Baker signs housing bill

^ Governor Baker signs $ 1.8 billion dollar housing bond bill

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The year’s legislative session ends soon. What session it has been ! A list of the laws enacted completes just about everybody’s bucket list of priorities:

— $ 15/hour minimum wage, in steps, of course, but getting there by 2023. Along with this reform comes a reduction in the sales tax from 62.5 percent to five percent as well as elimination of time and a half pay for overtime.

— paid family leave

— the “Red Flag” law by which a person shown to be dangerous can be denied possession of weapons. (this has already been a feature of c. 209 A restraining orders)

— so-called “conversion therapy’ banned (conversion is a kind of angst and intimidation by which gay kids are supposedly shocked to become “straight”)

— addition of an “X” gender option to the state’s driver license. (still pending in the House)

— a $ 1.8 billion dollar bond bill to fund workforce and affordable housing construction : you can read the entire story here :

— a $ 2.2 billion bond bill to fund climate adaptation :

$2.2 BILLION FOR CLIMATE ADAPTATION AND ENVIRONMENTAL PROTECTION (H 4599) —House 143-3, approved a bond bill allowing the state to borrow up to $2.2 billion for climate change adaptation, environmental and natural resource protection, and investment in recreational assets.

— a Clean Energy Bill, enacted by the Senate (note : Governor Baker has his own proposal, which I will post below):

CLEAN ENERGY (S 2545) — Senate 35-0, approved and sent to the House a clean energy bill that supporters say will prepare Massachusetts for the inevitable problems that will come with climate change.

Provisions include increasing the percentage of renewable energy that must be purchased by retail electric suppliers from an additional 1 percent annually to 3 percent annually; requiring the state to adopt statewide greenhouse gas emissions limits for the years 2030 and 2040; helping the state achieve its greenhouse gas emission by establishing compliance mechanisms for the transportation, residential, commercial and industrial building sectors; lifting the cap on solar net metering; authorizing additional hydropower and offshore wind; and implementing statewide energy storage goals.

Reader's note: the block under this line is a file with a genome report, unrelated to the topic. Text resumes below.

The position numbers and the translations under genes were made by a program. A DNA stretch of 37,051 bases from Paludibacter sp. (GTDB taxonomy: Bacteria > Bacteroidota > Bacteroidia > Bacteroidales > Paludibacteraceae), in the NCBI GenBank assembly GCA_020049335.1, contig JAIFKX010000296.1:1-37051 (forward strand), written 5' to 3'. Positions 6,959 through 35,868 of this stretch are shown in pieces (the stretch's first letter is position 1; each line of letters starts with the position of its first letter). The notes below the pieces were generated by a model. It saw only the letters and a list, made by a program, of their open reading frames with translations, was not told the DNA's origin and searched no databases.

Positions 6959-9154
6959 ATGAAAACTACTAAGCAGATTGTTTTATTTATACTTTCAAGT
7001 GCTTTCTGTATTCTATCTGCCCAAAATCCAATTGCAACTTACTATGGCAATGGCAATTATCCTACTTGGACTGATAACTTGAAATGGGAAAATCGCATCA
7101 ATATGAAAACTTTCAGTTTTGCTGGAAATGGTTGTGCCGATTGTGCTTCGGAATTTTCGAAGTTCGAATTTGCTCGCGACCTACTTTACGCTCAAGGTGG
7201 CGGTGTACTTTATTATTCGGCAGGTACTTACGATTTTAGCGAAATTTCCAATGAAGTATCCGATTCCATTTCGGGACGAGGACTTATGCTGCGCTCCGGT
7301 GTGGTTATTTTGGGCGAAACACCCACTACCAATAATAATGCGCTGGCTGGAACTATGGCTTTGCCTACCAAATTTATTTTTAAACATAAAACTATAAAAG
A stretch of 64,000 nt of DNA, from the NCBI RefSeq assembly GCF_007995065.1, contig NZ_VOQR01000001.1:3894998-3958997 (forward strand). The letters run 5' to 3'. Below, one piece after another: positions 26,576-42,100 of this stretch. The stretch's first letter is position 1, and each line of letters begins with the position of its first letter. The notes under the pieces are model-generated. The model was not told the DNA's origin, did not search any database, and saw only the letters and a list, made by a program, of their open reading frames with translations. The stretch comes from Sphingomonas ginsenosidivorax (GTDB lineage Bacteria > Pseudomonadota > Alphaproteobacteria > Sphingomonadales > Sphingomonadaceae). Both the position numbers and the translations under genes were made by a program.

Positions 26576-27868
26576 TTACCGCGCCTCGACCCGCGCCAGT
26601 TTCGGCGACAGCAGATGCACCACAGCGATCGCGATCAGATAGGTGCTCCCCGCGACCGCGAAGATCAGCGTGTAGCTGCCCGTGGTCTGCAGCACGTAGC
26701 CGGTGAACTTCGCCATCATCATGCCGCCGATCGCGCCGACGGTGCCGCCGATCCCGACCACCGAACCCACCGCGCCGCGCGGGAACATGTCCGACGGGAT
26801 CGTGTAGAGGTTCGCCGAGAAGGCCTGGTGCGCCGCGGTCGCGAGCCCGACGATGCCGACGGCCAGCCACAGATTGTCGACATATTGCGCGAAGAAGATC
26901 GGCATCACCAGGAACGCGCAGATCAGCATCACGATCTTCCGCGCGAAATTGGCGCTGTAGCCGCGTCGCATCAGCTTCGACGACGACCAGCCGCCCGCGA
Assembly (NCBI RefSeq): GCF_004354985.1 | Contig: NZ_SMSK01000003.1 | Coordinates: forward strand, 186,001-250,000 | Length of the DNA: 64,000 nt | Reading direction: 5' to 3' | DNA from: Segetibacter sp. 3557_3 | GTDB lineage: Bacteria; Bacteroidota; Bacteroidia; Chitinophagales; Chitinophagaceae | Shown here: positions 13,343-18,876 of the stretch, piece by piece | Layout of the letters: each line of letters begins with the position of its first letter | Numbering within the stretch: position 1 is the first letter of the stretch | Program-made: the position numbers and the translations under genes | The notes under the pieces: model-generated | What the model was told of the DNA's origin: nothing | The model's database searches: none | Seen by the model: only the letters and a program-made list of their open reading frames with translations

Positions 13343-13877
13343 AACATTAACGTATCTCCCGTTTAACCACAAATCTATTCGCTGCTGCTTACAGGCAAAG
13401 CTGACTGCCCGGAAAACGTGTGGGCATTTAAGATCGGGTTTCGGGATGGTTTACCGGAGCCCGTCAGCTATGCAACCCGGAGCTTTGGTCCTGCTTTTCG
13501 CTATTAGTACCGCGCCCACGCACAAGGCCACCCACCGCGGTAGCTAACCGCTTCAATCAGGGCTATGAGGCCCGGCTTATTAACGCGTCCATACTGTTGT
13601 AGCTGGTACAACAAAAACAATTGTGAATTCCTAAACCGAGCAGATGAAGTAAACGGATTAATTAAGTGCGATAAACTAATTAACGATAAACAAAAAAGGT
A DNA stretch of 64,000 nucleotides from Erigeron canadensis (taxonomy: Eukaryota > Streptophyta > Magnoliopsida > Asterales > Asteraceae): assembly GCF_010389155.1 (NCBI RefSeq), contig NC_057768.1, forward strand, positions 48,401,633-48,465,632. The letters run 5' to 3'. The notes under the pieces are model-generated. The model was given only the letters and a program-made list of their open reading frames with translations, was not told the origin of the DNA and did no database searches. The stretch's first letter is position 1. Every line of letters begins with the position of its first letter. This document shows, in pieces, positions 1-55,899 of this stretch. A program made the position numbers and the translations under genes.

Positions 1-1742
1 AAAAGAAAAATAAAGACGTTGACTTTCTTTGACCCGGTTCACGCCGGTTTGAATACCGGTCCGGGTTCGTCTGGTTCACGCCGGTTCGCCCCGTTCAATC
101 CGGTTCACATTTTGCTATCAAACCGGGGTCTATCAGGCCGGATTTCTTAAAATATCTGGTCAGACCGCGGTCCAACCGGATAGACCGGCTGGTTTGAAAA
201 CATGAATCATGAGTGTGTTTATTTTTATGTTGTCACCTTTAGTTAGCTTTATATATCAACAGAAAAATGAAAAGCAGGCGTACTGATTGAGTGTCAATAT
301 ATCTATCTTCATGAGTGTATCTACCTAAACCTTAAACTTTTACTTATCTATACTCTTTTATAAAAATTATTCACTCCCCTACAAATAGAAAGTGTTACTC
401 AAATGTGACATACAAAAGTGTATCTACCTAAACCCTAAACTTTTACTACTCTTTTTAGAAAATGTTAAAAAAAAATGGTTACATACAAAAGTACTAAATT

— a major Criminal Justice Reform bill :

Criminal Justice reform

Final enactment of the state’s FY 2019 budget remains: the legislature has its budget ( ) and Governor Baker has his : The two budgets aren’t the same, as one would expect, and reconciliation may take up all of this session’s remaining time. I shall discuss the budget in my next column.

Almost all of the above reforms were approved unanimously or by overwhelming, bipartisan numbers. Even the conversion therapy ban, which I expected would arouse controversy, was approved 137 to 14 by the House and will surely be enacted at least that overwhelmingly by the Senate. As for the “Grand bargain” bill that included the $ 15/hour minimum wage and sales tax reduction, it was voted 119 to 24 in the House and 30 to 8 in the Senate. Let’s note that this is no new development. Since Governor baker’s election, almost all major legislature has been enacted by nearly unanimous numbers. Consensus governance, it is.